When It Comes to Breastfeeding, ‘Timing Is Everything’ in Saving Newborn Lives – UNICEF Chief


Human Wrongs Watch

Three-in-five babies, mostly born in low- and middle-income countries, are not breastfed within the first hour of life, placing them at higher risk of death and disease, according to a new United Nations report launched on 30 July 2018.

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UNICEF/Ilvy Njiokiktjien VII Photo | Thirty-two year old Delgermurun breastfeeds her eight-day-old baby amidst her family in a ger, Alag-Erdene, Mongolia.

 

Analyzing data from 76 countries, the report reveals some of the reasons why too many newborns are left waiting.

One common practice is to discard colostrum, and instead feed the infant honey, sugar water or infant formula, which also delays a newborn’s first critical contact with its mother.

The rise in elective C-sections also has an impact, with a study across 51 countries noting that in this type of delivery, initiation rates among newborns are significantly lower.

Earlier studies, cited in the report, show that newborns who began breastfeeding between two and 23 hours after birth, had a 33 per cent greater risk of dying, compared to those who breastfed within one hour. And the risk more than doubled among newborns who started a day or more after birth.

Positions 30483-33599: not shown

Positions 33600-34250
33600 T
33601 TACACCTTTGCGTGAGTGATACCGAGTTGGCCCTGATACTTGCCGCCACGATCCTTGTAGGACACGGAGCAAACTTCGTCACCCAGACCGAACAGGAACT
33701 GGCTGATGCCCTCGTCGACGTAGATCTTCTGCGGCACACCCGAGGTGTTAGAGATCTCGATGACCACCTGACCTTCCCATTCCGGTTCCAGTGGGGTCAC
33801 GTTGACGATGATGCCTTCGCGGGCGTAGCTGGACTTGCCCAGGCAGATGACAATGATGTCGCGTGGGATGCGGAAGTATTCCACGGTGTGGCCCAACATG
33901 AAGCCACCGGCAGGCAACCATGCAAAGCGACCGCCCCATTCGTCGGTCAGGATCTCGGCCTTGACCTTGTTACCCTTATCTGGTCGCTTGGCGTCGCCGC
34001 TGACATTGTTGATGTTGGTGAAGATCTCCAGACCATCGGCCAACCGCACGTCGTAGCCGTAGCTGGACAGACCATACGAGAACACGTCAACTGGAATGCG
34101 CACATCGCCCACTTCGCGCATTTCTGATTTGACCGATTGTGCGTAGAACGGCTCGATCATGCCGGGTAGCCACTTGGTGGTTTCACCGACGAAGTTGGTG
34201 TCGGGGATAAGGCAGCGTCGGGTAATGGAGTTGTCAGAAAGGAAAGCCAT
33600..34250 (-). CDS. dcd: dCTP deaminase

The report urges governments and other decision-makers to adopt strong legal measures to restrict the marketing of infant formula and other breastmilk substitutes to help address the situation.

The WHO and UNICEF-led Global Breastfeeding Collective also released the 2018 Global Breastfeeding Scorecard, which tracks progress for and urges countries to advance breastfeeding policies and programmes to help mothers breastfeed their babies in the first hour of life. (SOURCE: UN).

2018 Human Wrongs Watch

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